Stark cautions against reading all this collegiality as a testament to the special community spirit of the L.A. art scene. While she confirms a sense of “invisible connectedness,” and there is an undeniable tendency toward promiscuity in the matter of social as well as textual and visual allusions in her work, she is also at pains to demonstrate how much of her time is taken up with perfectly chaste domesticity. Stark’s home life can be glimpsed in Cat Videos (1999-2002), which features feline antics in alternation with those of two little boys—her son and a friend of his. The kids watch David Bowie on a laptop and groove, four-year-oldishly, to the music. Stark says she didn’t intend to make an artwork when she turned on the camera, but was delighted to find it had recorded what she describes as a “perfect essay on cultural reproduction”—i.e., small boys acting out the pop-cultural myth of Bowie as Ziggy Stardust, touching down to greet the planet.
The sense of hominess in these videos is expanded in several large collages featuring cabinets, mirrors and flowers. Foyer Furnishing (2006) is a large (more than 7-foot-high) drawing/collage that features all three: the mirror (made of Mylar) reflects potted flowers drawn in gouache; a collaged bag slumped by the cabinet’s side holds actual printed matter (student papers, bills). In To a Selected Theme (Fit to Print), 2007, a long-stemmed chrysanthemum, in a vase on a table, leans its head toward the cover of a David Hockney catalogue on which the artist is seen lounging with trademark insouciance.
Most of the work that was shown is on paper, occasionally mounted on canvas and/or panel. Scale varies widely, and while a few compositions are offhand, the majority are executed with considerable care; text is sometimes cut out and set into its support letter by letter, and the drawing is deft throughout. But self-doubt always threatens. Oh god, I’m so embarrassed (2007) makes use of a poster for a 1994 Sean Landers exhibition on which that irremediably self-demeaning artist wrote, “I regret to inform you that I could not come up with an idea for the invitation card. . . . Something is terribly wrong with me. . . . Oh god I’m so embarrassed.” Stark helps demonstrate the perfect ordinariness of his mortification by pairing the poster with a mundane accessory: an umbrella parked in a stand (though that could allow Surrealist or sexual readings as well).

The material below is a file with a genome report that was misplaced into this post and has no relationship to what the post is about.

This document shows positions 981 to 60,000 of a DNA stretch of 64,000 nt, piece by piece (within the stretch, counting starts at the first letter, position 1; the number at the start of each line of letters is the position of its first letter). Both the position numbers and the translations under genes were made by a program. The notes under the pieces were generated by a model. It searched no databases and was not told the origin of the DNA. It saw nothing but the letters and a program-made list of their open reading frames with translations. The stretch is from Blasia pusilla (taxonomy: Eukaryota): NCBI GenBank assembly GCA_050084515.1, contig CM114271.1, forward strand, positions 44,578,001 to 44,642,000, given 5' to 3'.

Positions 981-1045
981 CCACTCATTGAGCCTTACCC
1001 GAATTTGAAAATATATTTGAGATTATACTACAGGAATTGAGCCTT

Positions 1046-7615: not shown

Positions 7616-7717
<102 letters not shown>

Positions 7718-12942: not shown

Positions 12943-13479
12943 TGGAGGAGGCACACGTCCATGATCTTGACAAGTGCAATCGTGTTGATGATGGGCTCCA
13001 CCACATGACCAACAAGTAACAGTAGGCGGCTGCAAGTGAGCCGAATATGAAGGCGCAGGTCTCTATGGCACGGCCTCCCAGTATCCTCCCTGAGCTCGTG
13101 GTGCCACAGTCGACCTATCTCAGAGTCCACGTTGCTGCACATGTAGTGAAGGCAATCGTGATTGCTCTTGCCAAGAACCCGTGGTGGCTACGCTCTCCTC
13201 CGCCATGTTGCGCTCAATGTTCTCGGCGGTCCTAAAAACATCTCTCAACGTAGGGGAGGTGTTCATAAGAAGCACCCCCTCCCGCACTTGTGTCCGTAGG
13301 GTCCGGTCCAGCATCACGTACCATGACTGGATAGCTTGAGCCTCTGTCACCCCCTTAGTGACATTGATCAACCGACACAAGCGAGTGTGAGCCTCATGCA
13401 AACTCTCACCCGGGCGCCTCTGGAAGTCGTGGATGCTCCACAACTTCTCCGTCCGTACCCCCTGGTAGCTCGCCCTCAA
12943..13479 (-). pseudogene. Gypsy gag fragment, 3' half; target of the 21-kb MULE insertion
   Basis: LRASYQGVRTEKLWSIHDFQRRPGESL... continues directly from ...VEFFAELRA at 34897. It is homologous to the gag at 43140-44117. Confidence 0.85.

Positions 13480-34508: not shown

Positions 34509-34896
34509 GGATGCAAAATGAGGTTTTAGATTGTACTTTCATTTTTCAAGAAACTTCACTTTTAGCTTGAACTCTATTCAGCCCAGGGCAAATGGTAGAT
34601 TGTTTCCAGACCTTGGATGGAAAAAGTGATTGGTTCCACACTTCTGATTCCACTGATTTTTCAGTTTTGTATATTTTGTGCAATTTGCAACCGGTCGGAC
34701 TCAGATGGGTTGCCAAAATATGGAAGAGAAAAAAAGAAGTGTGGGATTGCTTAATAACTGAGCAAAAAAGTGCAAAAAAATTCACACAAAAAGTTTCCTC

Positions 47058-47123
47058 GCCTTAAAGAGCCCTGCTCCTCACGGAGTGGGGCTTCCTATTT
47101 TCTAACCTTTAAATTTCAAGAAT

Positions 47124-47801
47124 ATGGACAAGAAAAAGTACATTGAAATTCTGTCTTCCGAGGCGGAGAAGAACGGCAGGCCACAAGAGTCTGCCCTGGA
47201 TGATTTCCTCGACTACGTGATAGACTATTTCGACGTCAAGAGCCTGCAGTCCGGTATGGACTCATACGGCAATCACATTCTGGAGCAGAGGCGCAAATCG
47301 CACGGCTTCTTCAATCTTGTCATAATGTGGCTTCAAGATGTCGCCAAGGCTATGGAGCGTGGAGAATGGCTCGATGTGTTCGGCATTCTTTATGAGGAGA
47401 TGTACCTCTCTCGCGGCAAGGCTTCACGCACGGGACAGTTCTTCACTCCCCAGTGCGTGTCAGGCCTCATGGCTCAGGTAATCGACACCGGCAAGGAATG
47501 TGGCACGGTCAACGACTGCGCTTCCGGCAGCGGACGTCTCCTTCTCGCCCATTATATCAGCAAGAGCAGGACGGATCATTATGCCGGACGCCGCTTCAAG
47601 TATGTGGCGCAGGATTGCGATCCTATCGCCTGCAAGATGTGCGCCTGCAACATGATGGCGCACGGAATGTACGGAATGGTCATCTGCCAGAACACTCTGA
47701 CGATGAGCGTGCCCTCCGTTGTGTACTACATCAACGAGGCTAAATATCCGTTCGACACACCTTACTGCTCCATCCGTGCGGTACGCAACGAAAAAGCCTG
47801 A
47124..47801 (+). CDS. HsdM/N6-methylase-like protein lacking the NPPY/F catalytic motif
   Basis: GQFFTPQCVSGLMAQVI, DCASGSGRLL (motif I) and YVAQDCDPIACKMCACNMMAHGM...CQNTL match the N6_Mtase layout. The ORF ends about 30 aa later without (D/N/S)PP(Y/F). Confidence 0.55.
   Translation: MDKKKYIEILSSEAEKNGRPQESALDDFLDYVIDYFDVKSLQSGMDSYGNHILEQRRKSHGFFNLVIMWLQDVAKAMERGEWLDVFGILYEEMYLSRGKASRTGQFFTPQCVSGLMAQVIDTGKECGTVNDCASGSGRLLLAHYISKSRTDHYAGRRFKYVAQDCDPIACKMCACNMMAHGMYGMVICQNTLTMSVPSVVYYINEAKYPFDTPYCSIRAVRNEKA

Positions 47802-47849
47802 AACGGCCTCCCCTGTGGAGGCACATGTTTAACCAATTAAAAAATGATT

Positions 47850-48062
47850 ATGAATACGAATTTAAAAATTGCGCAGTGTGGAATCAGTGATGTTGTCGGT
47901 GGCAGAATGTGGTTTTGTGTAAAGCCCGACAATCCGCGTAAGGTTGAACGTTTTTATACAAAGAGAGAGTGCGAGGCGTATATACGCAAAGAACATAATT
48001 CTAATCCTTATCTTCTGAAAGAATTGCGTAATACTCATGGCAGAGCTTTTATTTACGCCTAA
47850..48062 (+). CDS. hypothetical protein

Speaking for herself, Stark asks, in the title of a work of 2008, Why should you not be able to assemble yourself and write? The question also appears on a piece of paper held in the subject’s lap, which we view from above; in this drawing, the seated figure’s feet drift upward and her head anchors the drawing’s bottom. In I must explain, specify, rationalize, classify, etc. (2007), the subject—again, it is presumably the artist—stands on a chair on casters, not the steadiest of supports. Her back to us, she substantially obscures a long text, holding a builder’s level under the word “nose” in the passage, “I must explain, enabling the reader to find the work’s head, nose, fingers, legs, . . .” There will also be things that I don’t like (2007) finds the subject standing on the same chair, struggling to hang a garland of big Mylar sequins; the titular declaration, printed in yellow vinyl letters, blares beside her.